Climate change has become a significant risk for governments and corporations, and ignoring it can have a major financial impact. With the threat of extreme weather events, building resilience has become very important. Ideally, buildings should be capable of providing shelter for their occupants, even during floods and blackouts. Weather events are unlikely to damage a well-designed building, but indoor conditions can quickly become unsuitable for occupancy.

Even when governments and corporations are not hit directly by extreme weather, lack of preparedness can hurt their credit ratings. In the case of businesses, climate change can also impact profits. In 2018 alone, extreme weather caused over $90 billion in damage throughout the USA, according to the National Oceanic and Atmospheric Administration.


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How the Financial Sector Is Reacting to Climate Change

Moody’s is a globally renowned credit rating agency, and they are already taking steps to include the climate in their risk assessments. On July 2019, Moody’s purchased a majority stake in Four Twenty Seven, a California-based company that analyzes climate risks. Moody’s is taking climate change more seriously, and other players in the financial sector could follow suit.

  • As rating agencies become more aware of how climate change affects their clients, their procedures will be updated.
  • Corporations and governments that are considered vulnerable to extreme weather may no longer be eligible for the best financing conditions.
  • Including climate risks in credit ratings can drive governments and businesses to action. Preparing for extreme weather will bring an additional benefit, which is having a favorable standing with rating agencies.

According to Standard & Poor’s Global Ratings, around 15% of credit ratings assigned after 2015 have considered climate risk among the most relevant factors. A study from the Carbon Disclosure Project reveals a bleak outlook if businesses do not react to climate change. The study covered over 200 of the world’s largest corporations, and climate inaction could cause losses of over $1 trillion in less than five years.

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All business sectors are vulnerable to extreme weather, even Internet-based companies. For example, heat waves can drastically increase the cooling cost of data centers where these companies host their data and processes. In the financial sector, weather damage can make some loans unpayable, especially if borrowers have developed infrastructure in vulnerable areas.

How Cities Can Become More Resilient

A very simple measure that governments can follow is changing their zoning regulations in flood-prone areas. US residential construction sector has been very active in many vulnerable areas since 2010, especially in coastal states. These properties are likely to experience flooding and other consequences of extreme weather within their mortgage term.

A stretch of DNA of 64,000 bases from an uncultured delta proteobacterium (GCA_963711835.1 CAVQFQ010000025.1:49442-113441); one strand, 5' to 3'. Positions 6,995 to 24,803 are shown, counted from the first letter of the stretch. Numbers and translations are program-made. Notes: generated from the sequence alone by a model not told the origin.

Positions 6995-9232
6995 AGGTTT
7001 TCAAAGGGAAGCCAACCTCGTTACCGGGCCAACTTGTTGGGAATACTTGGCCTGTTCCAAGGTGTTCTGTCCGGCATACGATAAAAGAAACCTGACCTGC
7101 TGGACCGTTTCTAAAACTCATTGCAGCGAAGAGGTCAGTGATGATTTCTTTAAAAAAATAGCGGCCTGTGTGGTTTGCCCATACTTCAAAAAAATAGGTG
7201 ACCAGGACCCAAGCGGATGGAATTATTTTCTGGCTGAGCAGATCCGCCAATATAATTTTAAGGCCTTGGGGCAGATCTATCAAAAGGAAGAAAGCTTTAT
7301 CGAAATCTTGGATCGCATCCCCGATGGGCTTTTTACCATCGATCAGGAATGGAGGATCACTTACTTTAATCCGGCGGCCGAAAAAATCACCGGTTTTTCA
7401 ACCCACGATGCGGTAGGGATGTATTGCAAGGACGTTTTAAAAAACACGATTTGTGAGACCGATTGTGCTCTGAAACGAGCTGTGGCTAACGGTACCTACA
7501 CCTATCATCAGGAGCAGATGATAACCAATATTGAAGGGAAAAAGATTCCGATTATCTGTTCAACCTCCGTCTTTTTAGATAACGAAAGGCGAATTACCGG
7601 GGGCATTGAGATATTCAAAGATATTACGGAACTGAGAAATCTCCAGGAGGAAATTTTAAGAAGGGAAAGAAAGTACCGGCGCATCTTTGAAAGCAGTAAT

In New Jersey, the research group Climate Central has found that residential construction in the 10-year flood risk zone is very active. The study found a similar trend in coastal states like Connecticut, Mississippi, South Carolina and Rhode Island. Controlling home construction in vulnerable areas has been difficult because of two main factors:

  • Population growth is always creating demand for more housing.
  • New residential development are a source of property tax revenue for governments.

Construction in vulnerable areas can meet demand for housing in the short term, but it can lead to greater issues in the long run. Residents are not safe from extreme weather, and they can face high costs in the form of insurance premiums and reparations.

How Building Owners Can Mitigate Weather Risks

There are many design strategies that can make individual buildings more resilient. Indoor conditions can quickly deteriorate with extreme weather, especially during floods and blackouts. MEP engineers provide the following recommendations to turn buildings into suitable shelters:

  • Making sure the building is equipped with well-designed backflow preventers, to keep contaminated water out.
  • Installing key building systems above the reach of floodwater, to ensure they will not be disabled by a flood. There should be an independent water supply that is not affected when the lower levels get flooded.
  • Installing a natural gas generator for backup power. Conventional diesel generators depend on fuel deliveries, which may not be possible during an extended blackout with flooding. Natural gas distribution systems are highly resilient, and in most cases they can continue operating under extreme weather.
  • Making sure the building has enough openable windows to allow natural ventilation. Many modern buildings are designed with and airtight envelope, and this makes them very dependent on mechanical ventilation.

These are just some measures that can make buildings more resilient. Corporations and governments who prepare for climate risk are protecting the population while mitigating financial impacts. Soon, being prepared for extreme weather will also help improve credit ratings.

 

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